Graham’s near-icon status as the newspaper publisher that took down Nixon during the Watergate scandal enabled her to persuade famed journalists like Bob Woodward to cross the picket line in 1975. Graham was viciously anti-union, even, at one point, using a helicopter to fly scabs onto the roof of the Post’s building to get them to the office.

Later, Graham successfully pushed a union contract on the Newspaper Guild shop, which forced the publication to become an open shop despite D.C. being a union-shop city.

For decades, being pro-union was not popular in the newsroom at the open-shop Post or in the many newsrooms located in the nearby “right-to-work” Northern Virginia suburbs.

As a result, the Post bled members, while young, digital-savvy journalists bought management’s line that the NewsGuild was hurting the paper’s profits by resisting digital innovation.

At the end of the Graham Family’s ownership of the Post in 2014, slightly less than 40 percent of workers joined the union.

“I would say that, a few years ago, the rap was that we were getting all these younger employees, that they were disaffected and didn’t understand the union movement,” says Kunkle.

One of the highlights for Kunkle has been seeing young women emerge not just as leaders in the newsroom, but also in the union.

“Some of the most dedicated in our unit right now are people like Julie Zauzmer. She has helped organize a systematic way of getting people signed up, and she has been doing gangbusters,” says Kunkle. “Jenny Rogers, who is a young staffer, led the way on doing a pay and equity study. We are doing great among young staffers now.”

In the lead-up to the contract fight, the union has begun gaining members. In the last 6 months, the union has gained 80 new members at the Post, growing to an approximately 900-person bargaining unit.

The increase in union membership comes at a time when digital media unions are becoming more popular in the industry as a whole; over the last two years, more than a dozen digital media outlets have organized, and unions have won first contracts at Vice, Huffington Post, and Gizmodo.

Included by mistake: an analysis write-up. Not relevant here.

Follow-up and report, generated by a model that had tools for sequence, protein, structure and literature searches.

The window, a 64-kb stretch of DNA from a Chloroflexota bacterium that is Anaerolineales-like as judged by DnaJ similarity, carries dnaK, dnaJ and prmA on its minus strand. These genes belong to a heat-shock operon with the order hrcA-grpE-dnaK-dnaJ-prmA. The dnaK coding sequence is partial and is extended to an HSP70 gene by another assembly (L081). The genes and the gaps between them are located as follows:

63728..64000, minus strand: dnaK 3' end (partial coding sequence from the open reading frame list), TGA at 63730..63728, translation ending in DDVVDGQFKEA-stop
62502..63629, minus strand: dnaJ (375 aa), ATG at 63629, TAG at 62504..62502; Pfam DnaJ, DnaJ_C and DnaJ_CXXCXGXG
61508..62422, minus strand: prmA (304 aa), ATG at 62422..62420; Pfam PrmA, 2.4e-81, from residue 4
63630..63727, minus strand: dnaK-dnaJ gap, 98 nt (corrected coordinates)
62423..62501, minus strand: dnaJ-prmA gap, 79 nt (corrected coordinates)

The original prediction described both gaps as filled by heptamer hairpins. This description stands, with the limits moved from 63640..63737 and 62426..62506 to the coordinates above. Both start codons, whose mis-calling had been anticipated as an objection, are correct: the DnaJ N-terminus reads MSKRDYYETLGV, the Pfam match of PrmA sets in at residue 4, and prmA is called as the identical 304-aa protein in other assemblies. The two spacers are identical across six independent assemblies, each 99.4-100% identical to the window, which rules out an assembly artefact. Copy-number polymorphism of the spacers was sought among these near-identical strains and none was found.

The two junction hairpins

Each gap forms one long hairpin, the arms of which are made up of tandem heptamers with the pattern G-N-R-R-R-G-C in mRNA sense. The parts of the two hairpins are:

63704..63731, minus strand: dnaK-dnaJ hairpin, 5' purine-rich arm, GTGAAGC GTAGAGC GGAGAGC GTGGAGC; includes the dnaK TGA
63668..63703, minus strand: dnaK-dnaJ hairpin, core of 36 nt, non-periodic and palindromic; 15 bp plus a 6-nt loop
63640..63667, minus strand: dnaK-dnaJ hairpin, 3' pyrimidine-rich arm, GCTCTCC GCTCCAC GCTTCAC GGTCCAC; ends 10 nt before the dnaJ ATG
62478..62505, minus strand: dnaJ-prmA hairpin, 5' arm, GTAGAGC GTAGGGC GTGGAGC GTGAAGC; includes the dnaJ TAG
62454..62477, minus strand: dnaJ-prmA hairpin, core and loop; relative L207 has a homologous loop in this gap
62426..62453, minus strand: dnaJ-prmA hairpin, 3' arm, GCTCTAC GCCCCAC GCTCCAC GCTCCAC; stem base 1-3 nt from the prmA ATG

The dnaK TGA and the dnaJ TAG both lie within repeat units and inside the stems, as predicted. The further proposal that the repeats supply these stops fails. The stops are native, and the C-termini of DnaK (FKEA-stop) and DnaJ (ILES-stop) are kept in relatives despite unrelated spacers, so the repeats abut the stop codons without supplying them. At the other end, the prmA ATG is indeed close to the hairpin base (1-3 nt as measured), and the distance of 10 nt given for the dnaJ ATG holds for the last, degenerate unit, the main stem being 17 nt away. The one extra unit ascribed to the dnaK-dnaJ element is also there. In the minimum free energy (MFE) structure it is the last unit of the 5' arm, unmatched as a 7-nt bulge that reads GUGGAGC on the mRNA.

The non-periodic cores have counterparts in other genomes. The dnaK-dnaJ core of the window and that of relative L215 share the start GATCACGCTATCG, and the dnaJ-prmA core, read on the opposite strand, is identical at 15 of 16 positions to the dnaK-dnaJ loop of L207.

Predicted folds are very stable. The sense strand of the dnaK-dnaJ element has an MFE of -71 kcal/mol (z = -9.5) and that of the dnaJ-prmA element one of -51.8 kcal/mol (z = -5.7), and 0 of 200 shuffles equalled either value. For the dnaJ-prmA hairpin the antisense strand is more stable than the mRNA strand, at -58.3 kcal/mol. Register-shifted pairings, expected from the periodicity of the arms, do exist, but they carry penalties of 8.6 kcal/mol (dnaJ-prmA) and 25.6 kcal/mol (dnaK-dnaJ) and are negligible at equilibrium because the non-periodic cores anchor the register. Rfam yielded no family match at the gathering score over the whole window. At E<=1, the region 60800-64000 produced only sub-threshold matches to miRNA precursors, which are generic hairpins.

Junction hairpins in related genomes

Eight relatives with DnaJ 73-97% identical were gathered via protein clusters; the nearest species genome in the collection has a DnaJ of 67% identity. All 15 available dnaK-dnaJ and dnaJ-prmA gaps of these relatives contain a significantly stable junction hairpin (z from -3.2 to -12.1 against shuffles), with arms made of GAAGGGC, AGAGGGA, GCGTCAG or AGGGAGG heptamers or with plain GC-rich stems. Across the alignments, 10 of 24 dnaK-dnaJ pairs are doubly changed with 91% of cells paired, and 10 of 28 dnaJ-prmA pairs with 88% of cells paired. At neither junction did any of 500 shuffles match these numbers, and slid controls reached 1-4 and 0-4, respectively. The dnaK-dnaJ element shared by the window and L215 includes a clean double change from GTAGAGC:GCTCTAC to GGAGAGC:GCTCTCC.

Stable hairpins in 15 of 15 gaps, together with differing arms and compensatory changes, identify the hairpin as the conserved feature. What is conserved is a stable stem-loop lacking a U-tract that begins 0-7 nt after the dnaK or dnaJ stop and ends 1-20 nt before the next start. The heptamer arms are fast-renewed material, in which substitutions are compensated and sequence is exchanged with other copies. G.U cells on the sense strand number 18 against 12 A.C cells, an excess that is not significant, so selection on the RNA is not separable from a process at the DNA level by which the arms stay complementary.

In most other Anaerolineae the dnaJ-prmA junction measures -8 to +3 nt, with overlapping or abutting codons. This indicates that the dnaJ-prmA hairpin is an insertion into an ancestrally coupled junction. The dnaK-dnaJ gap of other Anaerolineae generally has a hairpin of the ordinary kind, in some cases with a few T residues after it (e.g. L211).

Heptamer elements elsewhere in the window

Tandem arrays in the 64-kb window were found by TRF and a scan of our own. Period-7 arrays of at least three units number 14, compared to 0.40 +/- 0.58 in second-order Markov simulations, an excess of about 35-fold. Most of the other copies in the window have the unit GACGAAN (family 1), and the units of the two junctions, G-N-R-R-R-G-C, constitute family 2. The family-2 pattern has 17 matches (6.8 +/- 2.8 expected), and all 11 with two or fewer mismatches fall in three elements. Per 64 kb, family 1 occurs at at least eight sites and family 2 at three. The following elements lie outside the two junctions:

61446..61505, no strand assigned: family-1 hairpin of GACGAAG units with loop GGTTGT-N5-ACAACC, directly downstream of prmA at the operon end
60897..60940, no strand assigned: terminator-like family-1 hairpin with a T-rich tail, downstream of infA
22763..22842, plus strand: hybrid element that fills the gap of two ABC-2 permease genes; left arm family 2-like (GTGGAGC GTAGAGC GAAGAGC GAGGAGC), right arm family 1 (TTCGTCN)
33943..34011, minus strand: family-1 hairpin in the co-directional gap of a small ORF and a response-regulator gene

“I think there are some young people who are not as informed—as they maybe haven’t worked in an unionized newsroom before and they don’t know as much about how it works,” says Zauzmer, a religion reporter at the Post.

“Jeff Bezos is our friend,” says Washington Post Metro reporter Justin Moyer. “I wouldn’t have my job if it weren’t for Jeff Bezos.”

Young activists at the Washington Post say a delicate balance is being walked by many to not appear opposed to the type of digital change that has led the Post to rebound.

“There are a lot of very specific things when we have [organizing] conservations with new members—it’s not about whether they are satisfied with Jeff Bezos or the Post,” says Zauzmer. “It’s about: ‘Hey our 401k match could be better.’ ‘Hey, maternity leave could be better.’ They are looking for very specific ways to improve the workplace they  already love.”

“We just keep saying that it’s wonderful what Bezos has done,” says Kunkle. “My mantra is: We want the Post to prosper, we want the people here to prosper, and that has to mean that you have some modicum of job security.”

The showdown at the Washington Post will prove whether Bezos is truly taking the Post in a new direction or simply behaving like the print bosses of the old days.

Full Disclosure: Payday Senior Labor Reporter is an associate member of the Washington-Baltimore NewsGuild. In 2015, he was illegally fired for union organizing as the senior labor reporter at Politico.

The News Guild has no editorial control over Payday Report. All articles are independently approved by Payday.

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About the Author

Mike Elk

Mike Elk is a member of the Washington-Baltimore NewsGuild and is the senior labor reporter at Payday Report. He previously served as senior labor reporter at POLITICO and has written for the New York Times. He also writes for The Guardian.